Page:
by Joyce Sweeney

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Being a pro wrestler takes talent, guts, and hard work—can Kyle make it to the pros and live the life he wants?

Kyle Bailey is a normal high school senior with a secret ambition: to be a wrestling superstar with the WWE. When he hears about a wrestling class at the local gym, he knows this may be his one shot at making his dream come true. The only problem is that no one in his life understands his love of wrestling, so he can’t tell anyone what he’s doing—especially not his grandmother, who has raised him since he was a kid.
As Kyle’s talent becomes increasingly apparent, his instructor takes notice and invites him to wrestle in an upcoming professional match. With his newfound success—and his beautiful wrestler girlfriend—Kyle feels like he’s finally exactly where he belongs.
But when his grandmother’s health takes a turn for the worse, Kyle is torn between needing to care for her and wanting to follow his dreams. He isn’t ready to give up on being a pro wrestler, but he can’t abandon the woman who has taken care of him his entire life.
Headlock is a heartwarming novel about the strength it takes to let go of what you love and the courage it takes to ask for help.

Product Details

ISBN-13: 9781504004336
Publisher: Open Road Media
Publication date: 02/10/2015
Sold by: Barnes & Noble
Format: NOOK Book
Pages: 216
File size: 1 MB
Age Range: 12 - 16 Years

About the Author

Joyce Sweeney is the author of fourteen books for young adults. Her novel Center Line won the first-annual Delacorte Press Prize for a First Young Adult Novel. Many of Sweeney’s works have appeared on the American Library Association’s Best Books for Young Adults list. Her novel Shadow won the Nevada Young Readers’ Award in 1997, and Players was chosen by Booklist as a Top 10 Sports Book for Youth and by Working Mother magazine as a Top Ten for Tweens. Headlock won a silver medal in the 2006 Florida Book Awards and was chosen by the American Library Association as a Quick Pick for Reluctant Young Adult Readers. Sweeney also writes short stories and poetry and conducts ongoing workshops in creative writing, which have so far produced forty published authors. She lives in Coral Springs, Florida, with her husband, Jay, and cat, Nitro.

Read an Excerpt


By Joyce Sweeney

Henry Holt and Company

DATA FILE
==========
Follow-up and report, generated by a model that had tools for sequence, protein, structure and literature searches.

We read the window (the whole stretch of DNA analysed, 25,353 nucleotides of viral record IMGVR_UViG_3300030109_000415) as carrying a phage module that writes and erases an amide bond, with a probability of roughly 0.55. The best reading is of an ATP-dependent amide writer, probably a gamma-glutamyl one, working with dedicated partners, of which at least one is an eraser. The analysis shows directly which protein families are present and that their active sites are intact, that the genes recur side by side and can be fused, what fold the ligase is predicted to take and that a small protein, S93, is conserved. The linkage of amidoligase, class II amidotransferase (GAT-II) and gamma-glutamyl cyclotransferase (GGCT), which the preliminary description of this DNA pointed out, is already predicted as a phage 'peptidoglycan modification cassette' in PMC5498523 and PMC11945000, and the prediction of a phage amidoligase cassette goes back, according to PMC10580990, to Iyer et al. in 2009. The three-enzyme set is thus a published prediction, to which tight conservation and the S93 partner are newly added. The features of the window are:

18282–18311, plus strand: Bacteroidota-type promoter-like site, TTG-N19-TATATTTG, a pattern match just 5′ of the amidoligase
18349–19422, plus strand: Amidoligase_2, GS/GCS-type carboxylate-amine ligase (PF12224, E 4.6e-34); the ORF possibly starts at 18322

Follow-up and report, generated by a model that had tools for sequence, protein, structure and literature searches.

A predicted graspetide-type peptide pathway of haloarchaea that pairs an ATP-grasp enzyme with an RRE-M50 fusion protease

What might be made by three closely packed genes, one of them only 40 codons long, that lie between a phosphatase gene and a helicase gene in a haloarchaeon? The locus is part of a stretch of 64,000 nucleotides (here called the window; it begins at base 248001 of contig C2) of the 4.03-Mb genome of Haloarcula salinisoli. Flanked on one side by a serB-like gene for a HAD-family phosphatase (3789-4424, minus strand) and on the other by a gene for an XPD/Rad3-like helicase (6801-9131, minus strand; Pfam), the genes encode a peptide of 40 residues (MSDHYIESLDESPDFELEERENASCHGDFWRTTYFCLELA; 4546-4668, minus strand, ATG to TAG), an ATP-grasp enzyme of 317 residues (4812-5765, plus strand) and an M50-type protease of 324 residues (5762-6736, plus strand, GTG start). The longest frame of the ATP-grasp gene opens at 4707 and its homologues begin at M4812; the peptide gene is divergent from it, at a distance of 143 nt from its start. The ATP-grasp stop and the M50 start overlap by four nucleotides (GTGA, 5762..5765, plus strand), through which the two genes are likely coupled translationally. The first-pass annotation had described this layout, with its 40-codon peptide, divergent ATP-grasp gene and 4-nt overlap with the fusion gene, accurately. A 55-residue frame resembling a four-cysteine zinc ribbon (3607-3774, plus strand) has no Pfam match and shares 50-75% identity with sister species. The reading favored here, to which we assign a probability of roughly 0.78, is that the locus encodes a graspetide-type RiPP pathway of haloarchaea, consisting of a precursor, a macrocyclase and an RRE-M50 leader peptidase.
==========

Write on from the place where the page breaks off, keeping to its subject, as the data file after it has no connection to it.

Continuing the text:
Copyright © 2006 Joyce Sweeney
All rights reserved.
ISBN: 978-1-4668-7443-5


There are seven of us — including a girl! — spaced widely apart on the hard bleachers of the Coral Springs City Gymnasium, shivering, because the AC is really cranked, and nursing our private dreams of being a WWE superstar. No one in my real life knows I am doing this.

While we wait for our instructor, I look around the shabby beginner's group, scanning for potential friends or rivals. The girl is out of my league, case closed. Muscles and curves, so she could not only turn me down but flatten me as well. Hair like a waterfall of curly gold. She looks tense, like she's holding her breath.

There's a big, blond farm-boy type with a neck as big as my waist, who I would bet is an amateur wrestler and therefore feels superior to all of us. I hope they won't go into backgrounds, since I'm a gymnast and I don't want the others to think I'm gay or just somehow not tough enough.

A big black guy sitting way at the top of the bleachers is reading a book, so I put him down as having friend potential. There's an older guy, maybe in his thirties, who I figure will be the first to wash out. Down in front, there's a little geek, wearing a Matt-itude T-shirt, trying to talk trivia to everyone. No one has a clue what he's talking about, and he has to keep changing seats, looking for a new victim as old ones brush him off. Right now he's next to this unbelievably sickeningly perfect-looking guy who reclines on his elbows as if the effort of becoming a wrestler is only going to take up a little of his attention.

"Did you see AWA just signed David Rocker?" Little Geek says. "They're in for trouble. I hear he shows up drunk and that's why McMahon fired him."

The sickeningly perfect guy rolls his head to the side to view this minor annoyance. "Blow off, kid," he says, almost gently.

Mercifully, our trainer comes in. He carries a clipboard and a cordless mic like they use on TV.

Little Geek jumps up and does the unworthy bow. "Jeff, Jeff, Jeff, Jeff!" he barks, like an annoying little terrier.

Yuck. I mean we all know our trainer is Jeff Broadhurst, who wrestled for three years in the WCW as Jeff Bravura until a back injury sidelined him. Even he seems to think Little Geek is out of line and gives him a snarky look before hopping through the ropes and stepping into the ring set up on the gym floor.

"Hey, kids," he says. He's not looking in our faces. He's already scanning our bodies to see if we measure up. I'm not sure I do. He still looks good, lean and muscular, with the same brown ponytail from his glory days. But his voice is a shocker. He used to growl his speeches on TV. Now he sounds like Mr. Glass, my biology teacher.